## #~ 1: = #@q:

### Chris Burkecburke@jsoftware.com

This elegant expression provides an interesting exercise for the newcomer to J. The expression contains a hook, a fork, an adverb, a conjunction, and a constant function. It is fair to say that once you understand this expression, then you also understand the essence of functional programming in J.

First lets use the definition, as follows:

```   p=: #~ 1: = #@q:

p 2+i.30
2 3 5 7 11 13 17 19 23 29 31

p 123456+i.50
123457 123479 123491 123493 123499 123503
```

Thus, `p` selects the primes in a list of positive integers. How does it work?

The definition of `p` can be read from left to right as:

select where 1 equals the number of prime factors.

Lets build up this definition step by step.

`q:` returns the prime factors of its argument, for example:

```   q: 123456
2 2 2 2 2 2 3 643```

The verb `#@q:` returns the count of the number of prime factors. Here, the conjunction `@` (atop) creates a new verb that applies `q:` to its argument, then `#` to the result of `q:`.

```   p0=: #@q:

p0 123456
8
```

We next want to generate a boolean where a 1 indicates a prime, i.e. where the count of the number of prime factors is 1. This is achieved by the following fork:

```   p1=: 1: = p0

p1 2+i.12
1 1 0 1 0 1 0 0 0 1 0 1```

The `1:` needs some explanation. A fork is a sequence of three verbs, `f g h` where:

```   (f g h) x   <=>   (f x) g (h x)
```

Note that the three elements of a fork are verbs. In the definition of `p`, the leftmost verb is `1:`, which is a verb that returns the value 1, given any argument. Here, J makes clear the difference between a number and a verb that returns that number - this distinction is blurred in standard mathematical notation.

We now use the boolean to select the primes. The selection verb is `#`, which takes a boolean left argument:

```   1 1 0 1 0 1 # 2 3 4 5 6 7
2 3 5 7
```

In this case, however, we want to use `#` with the boolean as a right argument. To do so, we create a new verb with the adverb `~` (pass), that swaps its arguments:

```   p2=: #~

2 3 4 5 6 7 p2 1 1 0 1 0 1
2 3 5 7```

(You can read `#` as select, and `#~` as select where.)

Finally, we define `p` as the hook `p2 p1`, giving us the original definition of `p`. A hook is a sequence of two verbs `f g`, where:

```   (f g) x   <=>   x f g x
```

### Box Display

Box display helps clarify the structure of functional expressions, and should be used by default as a learning aid. You graduate from the school of functional programming when you find that you no longer need box display to read functional expressions! For example:
```   p
+-----+---------------+
|+-+-+|+--+-+--------+|
||#|~|||1:|=|+-+-+--+||
|+-+-+||  | ||#|@|q:|||
|     ||  | |+-+-+--+||
|     |+--+-+--------+|
+-----+---------------+
```

In box display, elements are grouped into twos and threes, as follows:

• 2 elements: if the right element is an adverb, and then the two elements represent the verb formed by applying the adverb to the argument on its left, otherwise, the two elements are a train (in the case of 2 verbs, a hook)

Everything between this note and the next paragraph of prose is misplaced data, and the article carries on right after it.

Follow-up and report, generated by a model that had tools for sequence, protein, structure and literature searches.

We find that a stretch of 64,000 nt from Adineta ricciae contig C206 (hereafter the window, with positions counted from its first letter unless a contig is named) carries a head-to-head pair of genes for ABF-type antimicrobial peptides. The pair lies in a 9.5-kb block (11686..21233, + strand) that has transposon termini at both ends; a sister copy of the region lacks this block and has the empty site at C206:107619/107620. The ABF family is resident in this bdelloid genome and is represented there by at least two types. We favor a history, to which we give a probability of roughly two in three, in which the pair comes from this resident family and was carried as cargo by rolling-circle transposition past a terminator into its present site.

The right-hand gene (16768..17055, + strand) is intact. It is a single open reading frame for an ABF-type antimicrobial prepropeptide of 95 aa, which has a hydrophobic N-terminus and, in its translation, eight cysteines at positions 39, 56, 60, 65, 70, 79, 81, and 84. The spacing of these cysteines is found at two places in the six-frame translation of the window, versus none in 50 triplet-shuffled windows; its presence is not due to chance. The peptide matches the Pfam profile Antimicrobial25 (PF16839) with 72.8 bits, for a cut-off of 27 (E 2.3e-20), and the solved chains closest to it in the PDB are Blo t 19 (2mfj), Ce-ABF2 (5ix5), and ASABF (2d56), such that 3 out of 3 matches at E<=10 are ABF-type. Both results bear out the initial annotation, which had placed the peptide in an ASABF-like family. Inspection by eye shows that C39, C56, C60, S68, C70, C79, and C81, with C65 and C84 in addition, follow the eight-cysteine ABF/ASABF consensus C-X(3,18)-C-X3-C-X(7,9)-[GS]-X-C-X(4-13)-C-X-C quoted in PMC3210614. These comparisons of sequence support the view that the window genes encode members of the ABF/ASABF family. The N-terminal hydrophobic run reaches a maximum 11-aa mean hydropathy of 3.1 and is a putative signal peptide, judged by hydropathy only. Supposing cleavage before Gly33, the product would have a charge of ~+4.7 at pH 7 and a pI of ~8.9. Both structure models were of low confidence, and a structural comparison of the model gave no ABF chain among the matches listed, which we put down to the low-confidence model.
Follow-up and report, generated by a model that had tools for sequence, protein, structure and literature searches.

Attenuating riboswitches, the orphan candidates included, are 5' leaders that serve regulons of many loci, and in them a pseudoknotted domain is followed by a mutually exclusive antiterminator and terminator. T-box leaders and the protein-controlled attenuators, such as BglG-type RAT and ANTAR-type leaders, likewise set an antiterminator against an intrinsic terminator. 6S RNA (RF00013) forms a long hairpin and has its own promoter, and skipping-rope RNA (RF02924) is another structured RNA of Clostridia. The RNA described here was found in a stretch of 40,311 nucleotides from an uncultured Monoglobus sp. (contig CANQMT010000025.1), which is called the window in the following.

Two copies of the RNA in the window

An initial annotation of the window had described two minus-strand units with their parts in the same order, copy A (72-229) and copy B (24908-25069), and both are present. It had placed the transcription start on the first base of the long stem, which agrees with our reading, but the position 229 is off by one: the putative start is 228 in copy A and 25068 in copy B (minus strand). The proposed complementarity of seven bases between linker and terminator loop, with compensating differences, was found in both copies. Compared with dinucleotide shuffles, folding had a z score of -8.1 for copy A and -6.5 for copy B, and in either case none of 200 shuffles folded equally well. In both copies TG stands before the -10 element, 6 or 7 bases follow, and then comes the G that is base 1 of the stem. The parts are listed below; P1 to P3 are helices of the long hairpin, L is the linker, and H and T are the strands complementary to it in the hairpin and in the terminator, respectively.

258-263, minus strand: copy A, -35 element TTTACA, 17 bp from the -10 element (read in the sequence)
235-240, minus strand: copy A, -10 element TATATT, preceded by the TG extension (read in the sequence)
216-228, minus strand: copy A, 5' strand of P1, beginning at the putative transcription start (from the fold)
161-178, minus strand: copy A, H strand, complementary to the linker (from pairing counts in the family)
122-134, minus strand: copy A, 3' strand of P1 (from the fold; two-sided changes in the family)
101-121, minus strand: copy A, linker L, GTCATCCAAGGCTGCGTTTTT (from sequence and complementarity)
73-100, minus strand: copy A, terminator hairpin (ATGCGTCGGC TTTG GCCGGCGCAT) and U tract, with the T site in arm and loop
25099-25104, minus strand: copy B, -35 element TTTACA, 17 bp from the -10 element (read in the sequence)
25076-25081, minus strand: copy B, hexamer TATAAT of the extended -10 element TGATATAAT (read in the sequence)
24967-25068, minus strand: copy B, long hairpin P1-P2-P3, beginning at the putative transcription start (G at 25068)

• 3 elements: if the element in the centre is a conjunction, then the three elements represent the verb formed by applying the conjunction to its two arguments, otherwise, the three elements are a train (in the case of 3 verbs, a fork)

With this in mind, we can see from the above box display that `p` is a hook. Its left element is the result of applying the adverb `~` to the verb `#`. The right element is a fork, whose rightmost element is the result of applying the conjunction `@` to the verbs `#` and `q:`.

Here are a couple more examples to illustrate:

```   t0=: +/ @ (1: = (+. i.))

t0
+-----+-+--------------+
|+-+-+|@|+--+-+-------+|
||+|/|| ||1:|=|+--+--+||
|+-+-+| ||  | ||+.|i.|||
|     | ||  | |+--+--+||
|     | |+--+-+-------+|
+-----+-+--------------+
```

Here `t0` is the result of applying `@`, with a left argument of sum ( `+/`), and a right argument of a fork, whose rightmost element is the hook ` +. i. `.

The expression `+. i.` computes the GCD (`+.`) of an integer and all the integers below it. For example,

```   (+. i.) 12
12 1 2 3 4 1 6 1 4 3 2 1
```

Thus, `t1` defined below takes an integer argument and computes which integers below it are relatively prime to it (i.e. the GCD is 1):

```   t1=: 1: = (+. i.)

t1 12
0 1 0 0 0 1 0 1 0 0 0 1
```

Therefore `t0`, which is defined as `+/ @ t1`, is Euler's totient function, i.e. the number of integers below a number that are relatively prime to it.

```   t0 12
4
```

A more efficient version is:

```   t3=: * -.@%@~.&.q:

t3 12
4
```

Can you read its box display?

```   t3
+-+-----------------------+
|*|+---------------+--+--+|
| ||+--------+-+--+|&.|q:||
| |||+--+-+-+|@|~.||  |  ||
| ||||-.|@|%|| |  ||  |  ||
| |||+--+-+-+| |  ||  |  ||
| ||+--------+-+--+|  |  ||
| |+---------------+--+--+|
+-+-----------------------+
```